Coney Island at the Wadsworth Atheneum
The Wadsworth Atheneum is one of the oldest public art museums in the United States. Okay, they say the oldest but Wikipedia disagrees. I’m not here to fight it out, but rather to praise. The Wadsworth Atheneum has an impressive collection, it was the first in America to acquire pieces by Salvador Dalí, Balthus, & Piet Mondrian, and hosted the first American exhibition of surrealism in 1931. They also happen to have my personal favourite painting, Max Ernst’s masterpiece, “Europe After the Rain II”.
Early in 2015, a new exhibition will be on display in the newly expanded and renovated exhibition hall of the Wadsworth Atheneum, “Coney Island: Visions of an American Dreamland, 1861-2008”.
It’s based on a pretty interesting idea, which is using art to look at 150 years of Coney Island’s history from undeveloped beachfront to its present incarnation, and all the stages inbetween.
The modern American mass-culture industry was born at Coney Island, and the constant novelty of the resort made it a seductively liberating subject for artists. What these artists saw from 1861 to 2008 at Coney Island and how they chose to portray it varied widely in style and mood over time, mirroring the aspirations and disappointments of the era and of the country. Taken together, these tableaux of wonder and menace, hope and despair, dreams and nightmares, become metaphors for the collective soul of a nation.
– from the exhibition’s website
Coney Island has a pretty fascinating history. Originally an undeveloped beachfront, it was a popular resort destination around the end of the American Civil War, with 3 elegant hotels by the early 1800s. By 1897 the amusement parks had already begun to spring up. By the time of the famous Dreamland fire in 1911, Steeplechase Park and Luna Park were well-ensconced. Coney Island became wildly popular with working-class New Yorkers looking for a way to beat the summer heat as the movement in the 1880s to have a “half-holiday” on Saturdays (until then, people worked 6 days a week) coincided with the expansion of excursion railroads and the Brooklyn street car line. At the time, there were few places for working class people to socialize, particularly women. Even before the subway line was expanded in 1915, Coney Island’s star was at its peak; when Dreamland, Steeplechase Park, and Luna Park were all open upwards of 100,000 people a day would visit.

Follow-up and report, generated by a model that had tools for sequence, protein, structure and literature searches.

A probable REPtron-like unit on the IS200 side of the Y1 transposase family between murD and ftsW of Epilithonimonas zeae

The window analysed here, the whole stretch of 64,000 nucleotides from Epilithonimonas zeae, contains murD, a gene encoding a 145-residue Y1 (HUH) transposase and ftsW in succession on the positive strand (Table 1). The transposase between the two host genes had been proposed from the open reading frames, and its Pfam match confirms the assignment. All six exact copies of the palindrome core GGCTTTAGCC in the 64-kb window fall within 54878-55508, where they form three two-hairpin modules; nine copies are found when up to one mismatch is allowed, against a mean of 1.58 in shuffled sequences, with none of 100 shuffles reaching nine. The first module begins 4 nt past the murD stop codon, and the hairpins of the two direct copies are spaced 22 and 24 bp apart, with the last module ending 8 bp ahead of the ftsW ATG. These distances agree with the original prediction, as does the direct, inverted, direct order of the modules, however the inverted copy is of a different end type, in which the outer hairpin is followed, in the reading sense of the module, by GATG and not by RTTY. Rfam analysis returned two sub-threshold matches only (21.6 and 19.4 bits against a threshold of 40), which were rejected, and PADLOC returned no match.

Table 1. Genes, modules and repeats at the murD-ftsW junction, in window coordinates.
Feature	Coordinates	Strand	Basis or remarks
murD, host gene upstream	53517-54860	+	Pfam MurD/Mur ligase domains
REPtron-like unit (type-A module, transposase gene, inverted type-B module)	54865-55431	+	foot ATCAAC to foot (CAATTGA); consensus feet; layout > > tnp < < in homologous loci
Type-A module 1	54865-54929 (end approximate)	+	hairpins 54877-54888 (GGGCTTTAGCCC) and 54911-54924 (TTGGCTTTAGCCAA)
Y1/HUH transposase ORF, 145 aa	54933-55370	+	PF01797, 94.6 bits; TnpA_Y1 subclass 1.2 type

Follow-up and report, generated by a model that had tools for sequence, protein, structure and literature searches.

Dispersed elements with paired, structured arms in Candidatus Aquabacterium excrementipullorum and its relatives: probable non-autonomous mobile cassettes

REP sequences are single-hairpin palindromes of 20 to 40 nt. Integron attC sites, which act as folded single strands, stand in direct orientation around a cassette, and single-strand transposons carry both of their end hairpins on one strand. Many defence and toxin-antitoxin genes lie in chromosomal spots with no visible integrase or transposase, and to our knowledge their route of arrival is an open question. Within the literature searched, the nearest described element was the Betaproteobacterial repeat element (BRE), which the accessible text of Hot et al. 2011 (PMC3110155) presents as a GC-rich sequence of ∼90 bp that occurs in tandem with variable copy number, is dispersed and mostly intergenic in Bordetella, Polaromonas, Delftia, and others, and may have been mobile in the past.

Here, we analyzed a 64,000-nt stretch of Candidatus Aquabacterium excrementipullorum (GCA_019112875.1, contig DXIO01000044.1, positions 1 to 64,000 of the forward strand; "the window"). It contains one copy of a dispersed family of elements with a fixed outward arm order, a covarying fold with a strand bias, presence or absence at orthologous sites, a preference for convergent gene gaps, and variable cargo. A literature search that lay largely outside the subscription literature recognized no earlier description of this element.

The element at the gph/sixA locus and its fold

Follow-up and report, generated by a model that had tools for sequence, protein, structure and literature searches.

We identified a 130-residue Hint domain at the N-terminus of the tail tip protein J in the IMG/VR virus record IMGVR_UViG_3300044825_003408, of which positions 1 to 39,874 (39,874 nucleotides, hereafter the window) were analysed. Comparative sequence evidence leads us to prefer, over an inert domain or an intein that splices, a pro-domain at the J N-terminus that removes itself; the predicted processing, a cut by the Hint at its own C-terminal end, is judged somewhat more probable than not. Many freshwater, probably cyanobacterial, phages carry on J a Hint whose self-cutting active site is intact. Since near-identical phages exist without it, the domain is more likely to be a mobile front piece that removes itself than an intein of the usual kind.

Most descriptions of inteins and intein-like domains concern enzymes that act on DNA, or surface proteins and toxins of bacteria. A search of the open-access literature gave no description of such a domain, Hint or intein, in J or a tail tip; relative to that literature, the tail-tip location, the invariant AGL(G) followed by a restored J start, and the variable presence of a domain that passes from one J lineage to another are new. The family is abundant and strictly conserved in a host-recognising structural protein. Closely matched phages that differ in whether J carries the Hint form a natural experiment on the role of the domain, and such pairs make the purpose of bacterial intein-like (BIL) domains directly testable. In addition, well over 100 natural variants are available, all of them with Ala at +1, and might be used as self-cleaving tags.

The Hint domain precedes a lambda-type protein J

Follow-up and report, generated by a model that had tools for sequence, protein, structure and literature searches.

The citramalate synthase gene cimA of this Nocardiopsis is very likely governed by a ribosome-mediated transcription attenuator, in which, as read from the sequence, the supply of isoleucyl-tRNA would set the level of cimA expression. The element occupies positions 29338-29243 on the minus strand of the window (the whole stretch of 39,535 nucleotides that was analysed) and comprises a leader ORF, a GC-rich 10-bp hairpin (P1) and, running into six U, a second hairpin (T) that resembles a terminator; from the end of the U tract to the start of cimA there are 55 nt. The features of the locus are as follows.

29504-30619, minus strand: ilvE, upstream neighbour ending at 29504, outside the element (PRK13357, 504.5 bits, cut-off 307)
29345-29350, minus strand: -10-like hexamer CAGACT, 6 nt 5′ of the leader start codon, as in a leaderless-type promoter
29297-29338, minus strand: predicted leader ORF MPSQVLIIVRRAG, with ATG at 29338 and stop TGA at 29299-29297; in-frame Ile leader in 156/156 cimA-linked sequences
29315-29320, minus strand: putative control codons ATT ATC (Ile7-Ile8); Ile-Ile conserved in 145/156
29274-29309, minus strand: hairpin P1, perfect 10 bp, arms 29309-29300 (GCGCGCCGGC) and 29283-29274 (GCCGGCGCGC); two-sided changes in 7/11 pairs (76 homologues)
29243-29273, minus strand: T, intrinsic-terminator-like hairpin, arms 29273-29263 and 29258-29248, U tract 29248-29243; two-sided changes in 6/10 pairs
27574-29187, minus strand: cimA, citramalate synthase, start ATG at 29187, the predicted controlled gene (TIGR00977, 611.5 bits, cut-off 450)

Coney was at its peak during the years that the three major amusement parks dominated the scene. It was the major tourist destination in America. Crowds routinely topped 100,000. In contrast, Disney World has never reached this figure.
– the Ultimate History Project: “America’s Playground”, John Parascandola
After WWII, Coney Island became less popular for a variety of reasons, including the invention of home air conditioning. By the 50s it was notorious for gang problems and prostitution. Skip ahead a few years and Hurricane Sandy messed things up, but it’s been repaired, spiffed back up, and still going strong.
“Coney Island” will feature more than 140 objects, comprised of both celebrated icons of American art and rarely-shown works from both public and private collections, including paintings, drawings, photographs, prints, posters, architectural artifacts and carousel animals. Ephemera, sound recordings and film clips will immerse visitors in the popular culture of Coney Island.
– from the exhibition’s press release
One of the great things about me writing about this show 3 months in advance is that it gives you, dear reader, plenty of time to make travel plans. The Wadsworth Atheneum is located at 600 Main Street in Hartford, Connecticut, and the show runs from January 31 to May 31, 2015.
Should travelling to Connecticut be an issue, fear not – the exhibition will also travel to 3 other venues in the US: the San Diego Museum of Art, July 11, 2015 – Oct. 13, 2015; the Brooklyn Museum, Nov. 20, 2015 – March 13, 2016, and the McNay Art Museum in San Antonio, Texas, May 11, 2016 – Sept. 11, 2016.
For more information about “Coney Island: Visions of an American Dreamland, 1861-2008”, visit the Wadsworth Atheneum’s website. All images used in this article are courtesy the Wadsworth Atheneum and the works shown are part of “Coney Island: Visions of an American Dreamland, 1861-2008” exhibition.